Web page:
33 Fainting Spells

November 10, 2000

November performance of 33 Fainting Spells’ September, September.
Photo by Peter Mumford courtesy 33 Fainting Spells

33 Fainting Spells

The Moore Theatre
Seattle, Washington

November 10�11, 2000

Reviewed by Gigi Berardi

33 Fainting Spells�s newest work, September, September, is a fast-paced showcase of fresh, clean and deliberate movement�well rehearsed, but with a welcome edge of spontaneity. The piece features prose by Dayna Hanson, a recipient of the Loren D. Milliman Scholarship for short fiction, that is at least as powerful as its movement.

September, September is a co-creation of artistic directors Dayna Hanson and Gaelen Hanson, creator-performer Peggy Piacenza and collaborating performer John Dixon. The storyline is simple: four friends gather at summer�s end to reminisce. If memory makes kings and queens of us all, how difficult, then, to give up our reign. Therein is the dramatic premise for the piece.

To amuse themselves, the friends play party games such as cards and charades. Scenes are varied in their emotional range�from boredom to giddiness, from relaxation to wild dramatization.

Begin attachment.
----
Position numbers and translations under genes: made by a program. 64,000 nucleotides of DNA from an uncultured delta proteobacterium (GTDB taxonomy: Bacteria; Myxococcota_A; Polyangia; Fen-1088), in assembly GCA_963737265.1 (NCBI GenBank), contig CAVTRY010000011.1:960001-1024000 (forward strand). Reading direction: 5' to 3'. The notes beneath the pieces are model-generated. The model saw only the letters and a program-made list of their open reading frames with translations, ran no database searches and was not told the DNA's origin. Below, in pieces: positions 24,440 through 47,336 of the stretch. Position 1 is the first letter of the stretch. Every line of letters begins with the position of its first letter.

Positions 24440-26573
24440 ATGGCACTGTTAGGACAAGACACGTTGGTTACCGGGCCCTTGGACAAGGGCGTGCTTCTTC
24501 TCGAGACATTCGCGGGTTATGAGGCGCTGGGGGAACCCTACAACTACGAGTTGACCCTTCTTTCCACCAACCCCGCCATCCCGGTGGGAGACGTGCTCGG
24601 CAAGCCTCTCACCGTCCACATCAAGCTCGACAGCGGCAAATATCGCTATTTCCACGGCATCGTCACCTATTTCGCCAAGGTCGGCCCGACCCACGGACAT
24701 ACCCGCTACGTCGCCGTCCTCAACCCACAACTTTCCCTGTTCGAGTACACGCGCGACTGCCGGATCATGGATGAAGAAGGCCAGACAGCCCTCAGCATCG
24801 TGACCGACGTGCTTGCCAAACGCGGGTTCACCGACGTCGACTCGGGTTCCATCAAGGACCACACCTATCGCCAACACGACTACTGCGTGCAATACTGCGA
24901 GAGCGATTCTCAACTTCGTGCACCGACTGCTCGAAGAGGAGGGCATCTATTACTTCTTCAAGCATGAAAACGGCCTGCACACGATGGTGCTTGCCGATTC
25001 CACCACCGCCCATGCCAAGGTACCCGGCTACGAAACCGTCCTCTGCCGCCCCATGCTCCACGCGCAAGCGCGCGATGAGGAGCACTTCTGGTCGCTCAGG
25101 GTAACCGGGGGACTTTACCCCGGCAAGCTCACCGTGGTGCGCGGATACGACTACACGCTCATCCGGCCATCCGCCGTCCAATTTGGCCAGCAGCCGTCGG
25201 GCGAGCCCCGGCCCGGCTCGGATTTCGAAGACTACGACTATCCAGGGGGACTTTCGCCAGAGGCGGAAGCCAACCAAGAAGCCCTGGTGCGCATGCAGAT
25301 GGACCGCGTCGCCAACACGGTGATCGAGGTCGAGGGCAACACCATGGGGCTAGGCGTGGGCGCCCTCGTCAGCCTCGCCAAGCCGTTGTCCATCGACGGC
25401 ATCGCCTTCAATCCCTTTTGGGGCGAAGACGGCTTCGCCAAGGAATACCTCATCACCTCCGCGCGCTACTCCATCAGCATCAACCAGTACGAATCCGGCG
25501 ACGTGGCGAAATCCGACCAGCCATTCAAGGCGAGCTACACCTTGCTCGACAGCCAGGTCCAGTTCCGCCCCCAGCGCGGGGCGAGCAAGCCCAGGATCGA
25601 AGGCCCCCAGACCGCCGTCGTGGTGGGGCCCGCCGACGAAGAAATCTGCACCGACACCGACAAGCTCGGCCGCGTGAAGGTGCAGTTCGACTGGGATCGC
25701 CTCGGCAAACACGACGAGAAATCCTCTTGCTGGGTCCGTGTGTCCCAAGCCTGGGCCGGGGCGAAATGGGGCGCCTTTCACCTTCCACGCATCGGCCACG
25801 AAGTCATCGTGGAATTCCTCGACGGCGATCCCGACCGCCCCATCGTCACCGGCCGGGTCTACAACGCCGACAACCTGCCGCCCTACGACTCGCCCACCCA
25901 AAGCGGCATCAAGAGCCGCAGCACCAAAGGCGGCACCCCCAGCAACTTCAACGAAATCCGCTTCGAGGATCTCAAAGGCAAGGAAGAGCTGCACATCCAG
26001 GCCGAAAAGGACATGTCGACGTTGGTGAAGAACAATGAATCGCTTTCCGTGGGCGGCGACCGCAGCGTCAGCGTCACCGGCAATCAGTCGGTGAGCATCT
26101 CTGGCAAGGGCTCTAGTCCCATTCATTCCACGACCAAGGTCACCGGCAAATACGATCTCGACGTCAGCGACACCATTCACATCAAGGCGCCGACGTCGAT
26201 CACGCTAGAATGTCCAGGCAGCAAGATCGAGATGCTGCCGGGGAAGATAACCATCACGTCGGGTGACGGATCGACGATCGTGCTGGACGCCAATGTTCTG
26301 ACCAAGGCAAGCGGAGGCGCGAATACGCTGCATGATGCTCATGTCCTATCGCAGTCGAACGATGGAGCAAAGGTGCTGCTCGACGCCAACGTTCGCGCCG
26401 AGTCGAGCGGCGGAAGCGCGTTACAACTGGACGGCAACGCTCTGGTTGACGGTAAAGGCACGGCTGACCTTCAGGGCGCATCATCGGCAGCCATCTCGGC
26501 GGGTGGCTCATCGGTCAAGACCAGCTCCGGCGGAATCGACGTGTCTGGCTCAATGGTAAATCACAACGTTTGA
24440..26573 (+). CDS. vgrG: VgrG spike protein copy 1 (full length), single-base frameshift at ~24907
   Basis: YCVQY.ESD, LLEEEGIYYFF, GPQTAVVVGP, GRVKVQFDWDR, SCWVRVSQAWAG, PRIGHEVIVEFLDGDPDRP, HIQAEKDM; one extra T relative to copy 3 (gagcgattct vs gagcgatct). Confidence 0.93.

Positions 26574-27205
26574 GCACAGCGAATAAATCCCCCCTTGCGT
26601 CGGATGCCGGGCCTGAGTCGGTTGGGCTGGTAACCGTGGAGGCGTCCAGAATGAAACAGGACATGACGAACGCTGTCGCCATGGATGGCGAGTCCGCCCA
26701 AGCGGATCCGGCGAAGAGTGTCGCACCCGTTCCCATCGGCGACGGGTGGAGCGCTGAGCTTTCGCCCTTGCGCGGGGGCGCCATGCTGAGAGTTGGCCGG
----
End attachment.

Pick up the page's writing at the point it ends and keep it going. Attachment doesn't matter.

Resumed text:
The atmosphere of this piece becomes virtually a character itself, created with the sotto voce of a lyrical recording or the chirping of a cicada as the bright light of summer fast fades. The narration, in accented English, is rich with detail, just short of cliché: “Yesterday is history, tomorrow is a mystery and today is a gift,” the narrator drones.

The soundtrack and score by Kyle Hanson are inventive, the lyrics often sobering. The percussive stomps, taps and lyrical gestures mimic the narration, whether it be a tennis game or a story of a bucking bronco, with wild solos or calm ensembles, squared to the audience or to the backstage.

The dancers move deftly�even in their rose garb (based on drawings from the work of Anne Siems and designed and constructed by K.D. Schill). Using whatever props they can find�chairs, tables, footstools or cut-out clouds lit by Lara Wilder�all are provocative.

The piece also represents a game for the audience, as it tries to determine the source and extent of familiarity among the characters. And so, facing summer�s end, the four friends amuse themselves in a kind of cabaret with its own sense of humor: a duet with a slippery fish or a conversation with the great beyond. This is a piece that touches all the senses�including smell, as cooking oil smolders onstage.

When do you have permission not to reminisce but to forget? The dancers answer that question at the end, by walking away from the set, through the audience.